By Max Clarke
In response to today’s announcement on the reform of employment tribunals and changes to unfair dismissal rules, the Director-Generals of the Confederation for British Industry (CBI) and the British Chambers of Commerce (BCC) comment on how this will affect business.
David Frost, Director General of the BCC, said:
On Employment Tribunals
“Employment Tribunals are one of the top business issues and we strongly welcome the Government’s move to reform the employment tribunal system. The current system wastes business time and money, and distracts employers from growing their businesses and creating much-needed jobs. In particular, the introduction of a fee for claimants will help to discourage spurious and baseless claims.”
On the new role for ACAS
“We are pleased to see a new role for ACAS in viewing all claims before they even reach tribunal. This is a very positive step but must be accompanied with enough resource for ACAS to deal with new claims.”
On unfair dismissal
“The changes to unfair dismissal from one to two years will be welcomed by employers as a sign that the Government is serious in their efforts to reduce red tape that inhibits business growth. However, this must be accompanied with more changes — on its own, this will not change the business view that employment law is weighted too far in favour of the employee.
“In his Budget, the Chancellor must announce further deregulatory measures and, in particular, re-assess plans to change the parental leave system twice in four years, amend flexible working legislation and remove the default retirement age.”
The CBI today commented on the launch of the Government’s consultation on reforming the employment tribunals system.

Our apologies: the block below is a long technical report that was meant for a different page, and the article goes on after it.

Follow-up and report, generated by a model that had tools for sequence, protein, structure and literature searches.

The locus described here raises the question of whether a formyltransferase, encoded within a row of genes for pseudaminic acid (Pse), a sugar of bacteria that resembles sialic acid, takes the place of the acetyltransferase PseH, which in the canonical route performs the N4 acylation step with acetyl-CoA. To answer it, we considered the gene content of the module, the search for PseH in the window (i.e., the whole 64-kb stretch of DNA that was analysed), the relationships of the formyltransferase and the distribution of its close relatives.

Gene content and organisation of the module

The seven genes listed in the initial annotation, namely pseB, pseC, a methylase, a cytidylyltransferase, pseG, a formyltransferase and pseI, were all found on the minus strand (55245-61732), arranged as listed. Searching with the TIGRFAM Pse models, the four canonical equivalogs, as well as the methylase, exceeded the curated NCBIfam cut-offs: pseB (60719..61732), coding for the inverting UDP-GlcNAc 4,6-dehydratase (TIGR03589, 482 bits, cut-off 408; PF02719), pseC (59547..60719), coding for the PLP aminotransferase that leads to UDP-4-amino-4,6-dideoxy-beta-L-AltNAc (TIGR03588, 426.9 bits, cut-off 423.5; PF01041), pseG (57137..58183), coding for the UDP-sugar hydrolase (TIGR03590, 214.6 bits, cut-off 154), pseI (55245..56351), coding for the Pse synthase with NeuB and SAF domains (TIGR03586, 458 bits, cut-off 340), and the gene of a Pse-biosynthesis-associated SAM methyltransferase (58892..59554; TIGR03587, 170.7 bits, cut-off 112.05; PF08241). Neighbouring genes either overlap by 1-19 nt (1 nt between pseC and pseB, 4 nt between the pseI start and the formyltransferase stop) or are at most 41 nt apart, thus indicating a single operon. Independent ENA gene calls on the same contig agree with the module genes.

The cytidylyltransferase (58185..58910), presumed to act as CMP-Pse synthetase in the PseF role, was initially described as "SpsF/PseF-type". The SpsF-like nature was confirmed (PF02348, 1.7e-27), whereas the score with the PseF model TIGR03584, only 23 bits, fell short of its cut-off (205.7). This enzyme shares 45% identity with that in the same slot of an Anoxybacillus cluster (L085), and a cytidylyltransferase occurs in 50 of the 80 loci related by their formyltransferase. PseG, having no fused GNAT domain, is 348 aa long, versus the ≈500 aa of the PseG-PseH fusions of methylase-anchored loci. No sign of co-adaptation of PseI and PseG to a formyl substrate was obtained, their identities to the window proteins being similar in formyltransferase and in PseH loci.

John Cridland, CBI Director-General Designate, said:
“For far too long the tribunals system has put the interests of lawyers above those of employers and employees. Given that 2010 saw a 56% rise in tribunal claims, the Government must look at ways of strengthening the process.
“It is in everyone’s interests that disputes are resolved swiftly and fairly. Introducing an element of charging would help weed out weak and vexatious claims, clearing the way for more deserving cases to be heard.
“Extending the qualifying period for unfair dismissal is a positive move that will give employers, especially smaller ones, the flexibility and confidence they need to hire.
Conversely, Dan Watkins, director of the solicitors' network Contact Law predicts that the move may be a mixed blessing:
"On the surface, increasing the (unfair dismissal) qualifying period may well give employers the much needed confidence and protection to recruit staff without fear of facing lengthy and expensive unfair dismissal cases in the first two years.
However, the flip-side is that these reforms may also give more unscrupulous employers license to ride roughshod over their employees, which in the longer-term will reduce productivity and damage morale within the workplace. While the Government addresses the issue of how to restore business confidence, it shouldn't forget employees' rights."